Dill is one of the easiest herbs to grow. The feathery leaves and yellow flowers are pretty in the garden and in floral arrangements. And dill is infinitely useful in the kitchen. You can buy dill plants at the garden center, but they're simple to start from seeds. Dill is an easy herb for beginning gardeners to grow.
Plant dill during cool weather. In warm winter areas that don't experience a hard frost, you can plant dill in fall or winter. In cooler areas, plant dill in the spring, a week or two before the last hard frost. After the first sowing, you may want to plant again every two to three weeks for a continuous crop. Dill is grown as an annual. However, it often reseeds itself in the garden.
Scientific name - Anethum graveolens
Kingdom - Plantae
Height - 36 inches
Light Requirement -Full sun
Like most herbs, dill likes full sun, but will tolerate a little afternoon shade. It grows up to 3 feet tall, so plant it at the back of your flower, vegetable, or herb garden. Dill grows in most soils. Prepare your garden with plenty of organic matter such as compost.
Start seeds directly in the garden. Sow them close together to allow plants to support each other as they grow. Cover seeds lightly, and they will germinate in a week or two.
Dill requires little maintenance. The most important task is to keep the garden free of weeds. Plants have long tap roots so are quite drought resistant. A light feeding with an organic fertilizer in late spring should provide adequate fertilizer for the season. Pests or disease are seldom a problem. If caterpillars become a nuisance, you can usually control them by hand picking.
Growing Dill in Containers
Dill can also be grown in pots. Choose a deep container to accommodate the tall plants and their long roots. You should keep container-grown plants well watered and may need to stake them. Plants grown in containers also require more frequent feeding.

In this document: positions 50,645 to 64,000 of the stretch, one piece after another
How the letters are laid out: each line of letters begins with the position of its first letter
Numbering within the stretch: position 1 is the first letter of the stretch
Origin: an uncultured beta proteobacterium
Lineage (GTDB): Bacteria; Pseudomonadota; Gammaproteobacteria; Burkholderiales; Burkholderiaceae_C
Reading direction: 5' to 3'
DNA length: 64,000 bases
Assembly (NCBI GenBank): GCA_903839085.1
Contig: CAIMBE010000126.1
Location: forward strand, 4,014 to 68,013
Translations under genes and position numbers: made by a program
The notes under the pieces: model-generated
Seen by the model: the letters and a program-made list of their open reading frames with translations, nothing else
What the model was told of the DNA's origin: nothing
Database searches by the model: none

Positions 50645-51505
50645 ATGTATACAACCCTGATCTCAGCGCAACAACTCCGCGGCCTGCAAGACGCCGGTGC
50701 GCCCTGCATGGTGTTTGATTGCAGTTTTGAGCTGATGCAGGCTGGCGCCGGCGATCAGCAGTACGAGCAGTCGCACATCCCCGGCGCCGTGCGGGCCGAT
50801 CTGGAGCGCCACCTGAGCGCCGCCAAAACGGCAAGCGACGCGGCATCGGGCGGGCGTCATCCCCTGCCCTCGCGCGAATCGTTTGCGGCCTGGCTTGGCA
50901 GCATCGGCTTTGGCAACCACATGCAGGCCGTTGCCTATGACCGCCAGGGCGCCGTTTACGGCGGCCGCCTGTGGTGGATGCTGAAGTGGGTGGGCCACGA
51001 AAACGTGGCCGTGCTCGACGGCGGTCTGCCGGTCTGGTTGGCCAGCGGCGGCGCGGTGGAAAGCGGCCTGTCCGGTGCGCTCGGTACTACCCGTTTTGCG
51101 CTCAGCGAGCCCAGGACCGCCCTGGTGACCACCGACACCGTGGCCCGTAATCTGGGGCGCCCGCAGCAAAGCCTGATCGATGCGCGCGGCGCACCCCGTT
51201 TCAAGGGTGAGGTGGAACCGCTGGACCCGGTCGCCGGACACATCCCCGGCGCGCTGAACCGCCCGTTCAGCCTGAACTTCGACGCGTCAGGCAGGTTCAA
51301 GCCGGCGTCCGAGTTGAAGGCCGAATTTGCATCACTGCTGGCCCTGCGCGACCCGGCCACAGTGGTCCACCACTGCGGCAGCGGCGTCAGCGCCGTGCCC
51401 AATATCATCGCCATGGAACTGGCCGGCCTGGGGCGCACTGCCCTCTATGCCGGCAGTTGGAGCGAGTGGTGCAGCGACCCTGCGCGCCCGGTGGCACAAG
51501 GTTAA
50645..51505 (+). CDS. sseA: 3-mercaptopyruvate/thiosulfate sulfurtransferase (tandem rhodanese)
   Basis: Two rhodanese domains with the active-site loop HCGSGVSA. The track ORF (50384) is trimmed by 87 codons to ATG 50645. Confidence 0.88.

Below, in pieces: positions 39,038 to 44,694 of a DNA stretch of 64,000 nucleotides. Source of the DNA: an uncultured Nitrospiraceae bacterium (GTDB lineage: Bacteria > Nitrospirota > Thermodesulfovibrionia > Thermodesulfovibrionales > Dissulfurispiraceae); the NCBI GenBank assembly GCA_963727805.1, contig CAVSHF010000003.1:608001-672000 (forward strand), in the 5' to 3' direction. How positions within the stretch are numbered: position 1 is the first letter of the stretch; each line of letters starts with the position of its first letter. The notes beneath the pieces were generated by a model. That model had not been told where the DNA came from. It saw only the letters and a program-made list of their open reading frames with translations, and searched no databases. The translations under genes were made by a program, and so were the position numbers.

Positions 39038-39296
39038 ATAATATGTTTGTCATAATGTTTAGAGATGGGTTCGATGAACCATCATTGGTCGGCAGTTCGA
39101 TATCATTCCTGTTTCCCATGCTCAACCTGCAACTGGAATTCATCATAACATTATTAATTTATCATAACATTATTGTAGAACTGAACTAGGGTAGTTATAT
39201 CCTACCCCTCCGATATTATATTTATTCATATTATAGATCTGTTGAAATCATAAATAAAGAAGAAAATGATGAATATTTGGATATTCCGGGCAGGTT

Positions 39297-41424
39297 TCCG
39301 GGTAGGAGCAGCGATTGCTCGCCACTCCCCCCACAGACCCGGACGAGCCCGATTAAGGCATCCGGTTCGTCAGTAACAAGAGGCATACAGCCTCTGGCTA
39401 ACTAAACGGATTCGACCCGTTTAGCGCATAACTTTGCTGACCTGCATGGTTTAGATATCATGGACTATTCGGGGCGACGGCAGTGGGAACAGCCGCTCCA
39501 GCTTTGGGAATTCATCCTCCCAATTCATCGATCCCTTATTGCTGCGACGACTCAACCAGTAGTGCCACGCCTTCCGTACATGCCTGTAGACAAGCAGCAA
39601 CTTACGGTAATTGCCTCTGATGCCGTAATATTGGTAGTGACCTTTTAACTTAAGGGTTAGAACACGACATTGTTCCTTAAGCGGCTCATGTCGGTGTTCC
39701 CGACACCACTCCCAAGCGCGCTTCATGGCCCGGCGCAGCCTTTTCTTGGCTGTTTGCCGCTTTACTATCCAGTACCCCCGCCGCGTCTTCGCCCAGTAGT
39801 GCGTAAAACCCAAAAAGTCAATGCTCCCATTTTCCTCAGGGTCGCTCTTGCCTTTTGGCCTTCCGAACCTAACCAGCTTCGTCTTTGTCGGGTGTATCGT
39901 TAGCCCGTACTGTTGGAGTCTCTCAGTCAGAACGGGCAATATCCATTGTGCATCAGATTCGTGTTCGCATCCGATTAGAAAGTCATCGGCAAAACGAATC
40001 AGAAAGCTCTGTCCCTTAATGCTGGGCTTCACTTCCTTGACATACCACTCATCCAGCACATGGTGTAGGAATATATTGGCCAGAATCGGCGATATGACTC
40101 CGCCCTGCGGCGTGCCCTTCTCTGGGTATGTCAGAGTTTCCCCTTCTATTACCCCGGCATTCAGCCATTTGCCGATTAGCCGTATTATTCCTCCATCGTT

Growing Dill Indoors
Growing dill indoors is easy as long as you provide adequate light. A location that receives at least 5 to 6 hours of direct sunlight is best. Otherwise, provide 12 hours under fluorescent lights. Be sure your pots have good drainage. You'll probably need to stake dill grown indoors.
Harvesting and Preserving
Dill adds refreshing flavor to your recipes. Both the leaves and seeds are used in cooking.
During the growing season, cut your dill to use fresh as you need it. For best flavor, cut the foliage just before the flower clusters open. This will also prevent the plant from going to seed right away.
If you cut more than you can use, dry or freeze the leaves to use later. You can dry it by hanging it upside down in a well-ventilated area out of direct sunlight. Or try using the microwave. Spread dill stems in a single layer on a paper towel and microwave on high for 3 minutes. After removing, discard the hard stems, crumble the leaves, and store in an airtight container protected from light.
Once seed heads begin to form, it's time to stop cutting dill for fresh use. After the seed heads have developed and dried completely, you can harvest them. You'll be able to remove the seeds easily with your fingers.
Freshly cut, chopped leaves boost the flavor of dips, herb butters, soups, salads, fish dishes, and salads. Use the seeds in pickling and to flavor roasts, stews and vegetables. Try grinding the seeds to use as a salt substitute. Both the flower heads and seeds are used in flavored vinegars and oils.
Dill is known for its tranquilizing properties. To make a stomach-soothing tea, simmer a teaspoon of mashed seeds in a cup of boiling water. Steep for ten minutes. Dill is also used to ease colic in infants.
Dill makes a lovely addition to flower gardens, where it adds soft texture and bright, chartreuse accents. The flowers are also striking and aromatic in cut floral arrangements.